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Lung cancer: Drug with unique disruption of tumor blood flow shows promise

Date:
January 18, 2010
Source:
American Association for Cancer Research
Summary:
Phase II study results of the agent ASA404 showed promise in patients with either squamous or non-squamous non-small cell lung cancer.
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Phase II study results of the agent ASA404 showed promise in patients with either squamous or non-squamous non-small cell lung cancer (NSCLC).

Results of this study, which were presented at the AACR-IASLC Joint Conference on Molecular Origins of Lung Cancer, support ongoing Phase III studies of ASA404 in NSCLC.

Under development by Novartis, who licensed the drug from Antisoma, ASA404 (vadimezan) has a unique mechanism of action against a tumor's blood supply. Scientists have long known that choking off this blood supply through a process called anti-angiogenesis is one way to slow tumor growth. Bevacizumab (sold as Avastin by Genentech) is one of many angiogenesis inhibitors and has had a major impact on patient care.

"Bevacizumab, however, predominantly interferes with the formation of new blood vessels," said lead researcher Mark McKeage, Ph.D., an associate professor in clinical pharmacology at the University of Auckland. "ASA404 has been shown to cause selective disruption of the established tumor vasculature, inhibition of tumor blood flow and tumor necrosis."

This unique mechanism of action could provide an option for patients with either squamous or non-squamous NSCLC. Treatment options for patients with advanced stage NSCLC are limited, particularly for those with squamous histology where some treatments exhibit limited efficacy or serious side effects.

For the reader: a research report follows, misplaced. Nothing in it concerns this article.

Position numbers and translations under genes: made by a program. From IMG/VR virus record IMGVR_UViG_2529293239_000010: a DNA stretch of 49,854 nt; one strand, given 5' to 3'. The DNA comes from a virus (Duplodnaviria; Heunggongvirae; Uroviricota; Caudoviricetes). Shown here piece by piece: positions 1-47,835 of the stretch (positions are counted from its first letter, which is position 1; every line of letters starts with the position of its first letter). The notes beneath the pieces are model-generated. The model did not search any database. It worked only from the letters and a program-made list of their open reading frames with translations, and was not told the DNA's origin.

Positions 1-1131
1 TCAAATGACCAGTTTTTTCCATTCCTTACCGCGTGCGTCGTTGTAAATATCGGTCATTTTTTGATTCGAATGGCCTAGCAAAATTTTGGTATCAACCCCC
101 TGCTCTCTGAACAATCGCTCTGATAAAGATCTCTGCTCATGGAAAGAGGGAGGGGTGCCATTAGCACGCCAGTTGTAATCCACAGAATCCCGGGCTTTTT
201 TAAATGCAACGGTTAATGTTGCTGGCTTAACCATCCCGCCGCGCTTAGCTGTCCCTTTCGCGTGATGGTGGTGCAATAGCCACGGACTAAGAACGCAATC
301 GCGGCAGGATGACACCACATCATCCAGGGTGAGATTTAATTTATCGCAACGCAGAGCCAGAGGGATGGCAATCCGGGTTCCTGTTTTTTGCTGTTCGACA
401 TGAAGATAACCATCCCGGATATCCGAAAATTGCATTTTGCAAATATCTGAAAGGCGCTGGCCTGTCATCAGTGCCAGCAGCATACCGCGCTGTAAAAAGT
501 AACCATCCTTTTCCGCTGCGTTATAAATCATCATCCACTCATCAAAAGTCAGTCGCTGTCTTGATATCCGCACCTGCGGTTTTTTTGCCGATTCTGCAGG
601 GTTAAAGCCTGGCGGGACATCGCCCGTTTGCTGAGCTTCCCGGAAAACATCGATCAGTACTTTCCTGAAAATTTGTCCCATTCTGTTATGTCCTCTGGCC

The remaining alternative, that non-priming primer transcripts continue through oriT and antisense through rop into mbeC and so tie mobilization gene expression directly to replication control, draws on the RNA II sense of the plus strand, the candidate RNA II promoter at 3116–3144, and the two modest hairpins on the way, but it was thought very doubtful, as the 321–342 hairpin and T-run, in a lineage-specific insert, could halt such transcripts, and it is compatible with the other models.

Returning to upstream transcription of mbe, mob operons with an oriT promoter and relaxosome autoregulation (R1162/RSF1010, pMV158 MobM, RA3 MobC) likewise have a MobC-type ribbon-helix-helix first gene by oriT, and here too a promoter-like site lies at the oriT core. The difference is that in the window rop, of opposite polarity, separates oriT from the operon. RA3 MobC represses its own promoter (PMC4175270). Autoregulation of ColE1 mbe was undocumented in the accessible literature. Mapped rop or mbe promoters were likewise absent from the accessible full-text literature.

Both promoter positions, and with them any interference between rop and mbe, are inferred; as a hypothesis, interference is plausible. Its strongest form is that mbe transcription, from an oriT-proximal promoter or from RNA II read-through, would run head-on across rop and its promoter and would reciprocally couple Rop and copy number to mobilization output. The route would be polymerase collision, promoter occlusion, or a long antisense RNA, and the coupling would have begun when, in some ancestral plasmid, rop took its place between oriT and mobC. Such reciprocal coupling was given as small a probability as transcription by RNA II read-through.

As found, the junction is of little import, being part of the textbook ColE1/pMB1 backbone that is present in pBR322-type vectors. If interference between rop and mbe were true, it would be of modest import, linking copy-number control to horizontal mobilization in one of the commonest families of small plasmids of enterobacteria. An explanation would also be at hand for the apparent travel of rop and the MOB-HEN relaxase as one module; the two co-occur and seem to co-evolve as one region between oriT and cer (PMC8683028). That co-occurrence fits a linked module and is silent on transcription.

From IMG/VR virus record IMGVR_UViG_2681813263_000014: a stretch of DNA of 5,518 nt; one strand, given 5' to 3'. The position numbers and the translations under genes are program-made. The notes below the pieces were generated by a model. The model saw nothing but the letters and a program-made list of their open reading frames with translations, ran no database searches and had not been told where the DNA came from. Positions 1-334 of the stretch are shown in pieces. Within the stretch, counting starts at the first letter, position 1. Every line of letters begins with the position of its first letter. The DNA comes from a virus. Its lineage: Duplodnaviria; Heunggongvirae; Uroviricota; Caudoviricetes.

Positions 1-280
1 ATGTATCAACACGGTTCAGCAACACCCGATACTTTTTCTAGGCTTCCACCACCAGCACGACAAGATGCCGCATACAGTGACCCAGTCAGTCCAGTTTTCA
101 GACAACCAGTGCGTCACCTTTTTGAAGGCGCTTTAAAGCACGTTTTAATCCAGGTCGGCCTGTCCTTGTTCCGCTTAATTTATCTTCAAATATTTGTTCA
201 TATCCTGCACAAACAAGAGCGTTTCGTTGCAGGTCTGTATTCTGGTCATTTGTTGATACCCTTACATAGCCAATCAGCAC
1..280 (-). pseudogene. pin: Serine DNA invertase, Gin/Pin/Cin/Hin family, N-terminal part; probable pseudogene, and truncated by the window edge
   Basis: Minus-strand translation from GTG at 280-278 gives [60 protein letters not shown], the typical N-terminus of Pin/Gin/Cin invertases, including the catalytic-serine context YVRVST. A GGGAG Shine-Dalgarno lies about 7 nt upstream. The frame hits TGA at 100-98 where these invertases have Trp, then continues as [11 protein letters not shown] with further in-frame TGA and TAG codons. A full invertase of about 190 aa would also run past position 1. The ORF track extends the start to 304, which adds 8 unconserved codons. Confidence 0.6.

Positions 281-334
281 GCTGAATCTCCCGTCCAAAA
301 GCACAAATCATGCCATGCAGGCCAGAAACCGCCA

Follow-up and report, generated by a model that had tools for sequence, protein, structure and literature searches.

"Standard chemotherapy is currently the mainstay of treatment for patients with squamous NSCLC. New targeted therapies and chemotherapies have been evaluated, but many show little promise as first-line treatments in patients with this type of cancer," said McKeage.

McKeage and colleagues evaluated 108 patients with stage IIIb/IV NSCLC. Patients received six cycles of paclitaxel and carboplatin alone or the therapy cycles with ASA404. The researchers then compared the results by histology (squamous vs. non-squamous) and by treatment (chemotherapy plus ASA404 vs. chemotherapy alone).

Overall survival was much higher in patients treated with ASA404. In patients with squamous histology, survival was 10.2 months compared with 5.5 months among those treated with chemotherapy alone. In patients with non-squamous histology, survival was 14.9 months compared with 11 months among those treated with chemotherapy alone.

The addition of ASA404 did not appear to increase toxicity, and there were no serious adverse events associated with bleeding, pulmonary hemorrhage or hemoptysis. Rates of grade 3 or 4 anemia were not different, nor were rates of thrombocytopenia or neutropenia.


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The above post is reprinted from materials provided by American Association for Cancer Research. Note: Materials may be edited for content and length.


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American Association for Cancer Research. "Lung cancer: Drug with unique disruption of tumor blood flow shows promise." ScienceDaily. ScienceDaily, 18 January 2010. <www.sciencedaily.com/releases/2010/01/100112165110.htm>.
American Association for Cancer Research. (2010, January 18). Lung cancer: Drug with unique disruption of tumor blood flow shows promise. ScienceDaily. Retrieved September 4, 2015 from www.sciencedaily.com/releases/2010/01/100112165110.htm
American Association for Cancer Research. "Lung cancer: Drug with unique disruption of tumor blood flow shows promise." ScienceDaily. www.sciencedaily.com/releases/2010/01/100112165110.htm (accessed September 4, 2015).

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